Regan, who also defended Scottish Football Association president Campbell Ogilvie's role during his time as company secretary at Rangers when some undisclosed payments were made, warned the crisis was causing "collateral damage" to the game.
The SPL commission chaired by Lord Nimmo Smith this week fined the company that formerly ran Rangers £250,000 but decided not to strip the club of any titles.
Regan told a news conference in Edinburgh today: "Now is a very good time for all parties to draw a line under what's gone on in last 12 months.
"It's crucial with league reconstruction being such an important issue that we draw a line under what's happened and seek to work collaboratively.
"If we spent as much time focusing on building and growing the game on the pitch as we do talking about conspiracy theories, exit strategies and matters off the field, I think we would be world class.
"We have to avoid the rest of the game becoming collaterally damaged. It's not about trying to find scapegoats for what's happened."
Regan, whose own position has been questioned by some in the game, insisted he would continue to look forward, and said that Ogilvie had been totally open about his role at Rangers.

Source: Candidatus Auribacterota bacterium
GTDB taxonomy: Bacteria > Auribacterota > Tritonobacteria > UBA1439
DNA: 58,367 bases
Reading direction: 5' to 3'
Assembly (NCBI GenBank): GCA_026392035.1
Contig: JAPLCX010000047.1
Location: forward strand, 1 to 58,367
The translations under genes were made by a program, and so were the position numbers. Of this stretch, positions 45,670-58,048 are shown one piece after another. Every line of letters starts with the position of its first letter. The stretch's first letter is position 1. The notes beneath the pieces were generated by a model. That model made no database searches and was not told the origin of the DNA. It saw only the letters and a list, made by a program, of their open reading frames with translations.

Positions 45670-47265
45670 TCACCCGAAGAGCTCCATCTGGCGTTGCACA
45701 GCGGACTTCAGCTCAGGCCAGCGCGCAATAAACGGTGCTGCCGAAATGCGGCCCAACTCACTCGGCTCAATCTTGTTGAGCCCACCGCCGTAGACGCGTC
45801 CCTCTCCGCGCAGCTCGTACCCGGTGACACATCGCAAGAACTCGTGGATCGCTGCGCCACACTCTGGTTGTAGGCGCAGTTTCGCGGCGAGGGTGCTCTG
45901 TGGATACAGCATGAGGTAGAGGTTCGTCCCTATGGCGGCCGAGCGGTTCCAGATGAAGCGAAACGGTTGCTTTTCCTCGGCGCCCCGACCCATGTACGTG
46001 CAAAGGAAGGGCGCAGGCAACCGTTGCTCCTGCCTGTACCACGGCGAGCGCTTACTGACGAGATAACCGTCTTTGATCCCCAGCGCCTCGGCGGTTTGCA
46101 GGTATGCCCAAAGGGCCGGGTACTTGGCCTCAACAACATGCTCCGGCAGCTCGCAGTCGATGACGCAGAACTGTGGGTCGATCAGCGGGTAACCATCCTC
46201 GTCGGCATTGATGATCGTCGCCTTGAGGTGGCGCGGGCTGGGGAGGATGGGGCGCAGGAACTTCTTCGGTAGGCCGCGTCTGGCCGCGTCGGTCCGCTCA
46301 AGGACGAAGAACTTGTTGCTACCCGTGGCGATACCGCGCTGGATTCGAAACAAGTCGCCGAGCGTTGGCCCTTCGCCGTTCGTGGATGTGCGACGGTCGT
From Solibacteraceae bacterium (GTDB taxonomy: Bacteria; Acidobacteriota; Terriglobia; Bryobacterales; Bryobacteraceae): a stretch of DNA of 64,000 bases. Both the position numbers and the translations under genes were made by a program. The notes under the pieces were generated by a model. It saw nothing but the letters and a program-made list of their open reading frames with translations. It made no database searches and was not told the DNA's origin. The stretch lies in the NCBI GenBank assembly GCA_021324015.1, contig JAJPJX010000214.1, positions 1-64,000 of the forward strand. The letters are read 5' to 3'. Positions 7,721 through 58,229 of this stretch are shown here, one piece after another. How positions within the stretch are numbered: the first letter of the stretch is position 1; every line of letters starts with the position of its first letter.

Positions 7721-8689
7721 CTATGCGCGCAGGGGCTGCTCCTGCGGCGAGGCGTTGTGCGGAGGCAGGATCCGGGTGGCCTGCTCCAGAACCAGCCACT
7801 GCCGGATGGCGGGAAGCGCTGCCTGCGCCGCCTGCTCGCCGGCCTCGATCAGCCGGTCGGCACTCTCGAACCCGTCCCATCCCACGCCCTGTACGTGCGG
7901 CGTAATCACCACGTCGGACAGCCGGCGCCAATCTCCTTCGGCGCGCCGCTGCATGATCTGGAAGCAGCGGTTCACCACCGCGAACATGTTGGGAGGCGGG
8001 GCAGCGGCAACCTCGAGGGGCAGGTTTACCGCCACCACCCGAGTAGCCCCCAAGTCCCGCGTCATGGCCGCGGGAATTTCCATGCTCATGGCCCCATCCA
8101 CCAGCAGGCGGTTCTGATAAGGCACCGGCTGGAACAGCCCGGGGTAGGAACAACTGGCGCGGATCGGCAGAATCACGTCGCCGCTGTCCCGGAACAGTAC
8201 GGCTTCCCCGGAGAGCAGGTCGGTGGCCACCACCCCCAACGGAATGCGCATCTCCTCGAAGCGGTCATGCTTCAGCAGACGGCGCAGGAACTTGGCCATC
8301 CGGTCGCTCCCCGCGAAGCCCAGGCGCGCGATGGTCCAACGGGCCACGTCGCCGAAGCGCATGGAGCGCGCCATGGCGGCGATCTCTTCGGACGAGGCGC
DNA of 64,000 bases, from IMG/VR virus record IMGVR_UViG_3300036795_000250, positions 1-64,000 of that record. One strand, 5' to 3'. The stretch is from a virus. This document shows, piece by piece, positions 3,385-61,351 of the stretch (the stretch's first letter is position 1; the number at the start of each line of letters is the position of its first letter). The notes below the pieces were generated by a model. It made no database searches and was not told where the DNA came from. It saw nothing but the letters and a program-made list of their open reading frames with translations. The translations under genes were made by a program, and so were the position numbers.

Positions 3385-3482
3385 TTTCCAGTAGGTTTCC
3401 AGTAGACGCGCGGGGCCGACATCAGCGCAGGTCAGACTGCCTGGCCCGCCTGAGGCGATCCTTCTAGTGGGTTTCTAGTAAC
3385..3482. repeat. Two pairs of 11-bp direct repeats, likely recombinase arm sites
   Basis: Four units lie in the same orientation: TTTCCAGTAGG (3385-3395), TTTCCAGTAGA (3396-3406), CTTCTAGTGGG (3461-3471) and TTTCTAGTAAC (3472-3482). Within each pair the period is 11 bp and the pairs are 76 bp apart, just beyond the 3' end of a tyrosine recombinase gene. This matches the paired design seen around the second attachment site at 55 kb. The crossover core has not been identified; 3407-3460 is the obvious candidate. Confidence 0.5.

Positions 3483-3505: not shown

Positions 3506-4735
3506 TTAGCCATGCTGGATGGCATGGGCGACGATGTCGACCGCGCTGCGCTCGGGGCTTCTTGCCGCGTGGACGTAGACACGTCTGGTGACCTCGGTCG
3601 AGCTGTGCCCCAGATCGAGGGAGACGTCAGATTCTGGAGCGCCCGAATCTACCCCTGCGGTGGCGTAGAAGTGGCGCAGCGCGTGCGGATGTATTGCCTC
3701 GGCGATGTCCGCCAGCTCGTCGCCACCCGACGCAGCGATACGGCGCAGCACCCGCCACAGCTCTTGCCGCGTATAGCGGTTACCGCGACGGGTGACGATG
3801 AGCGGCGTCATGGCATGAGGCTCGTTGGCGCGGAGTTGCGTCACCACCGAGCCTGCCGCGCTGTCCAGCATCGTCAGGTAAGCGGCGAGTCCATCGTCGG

He added: "Campbell Ogilvie played no part in the management and organisation of any element of the Murray group remuneration trust.
"He has been transparent and up front and he was the only member of the old [Rangers] regime who put himself forward to be interviewed by Lord Nimmo Smith and that says a lot about the man."
Regan insisted no deal had been done with Rangers to stop the club being stripped of their titles, but that the possibility of it happening had been mentioned to the new owners.
He said: "When the consortium approached the SFA and were interested in buying Rangers FC they asked for an outline of what were the worst possible punishments.
"The reason they wanted the information is they had investors who wanted to know exactly what the implications were, so what came on to the table was literally every possible sanction and issue."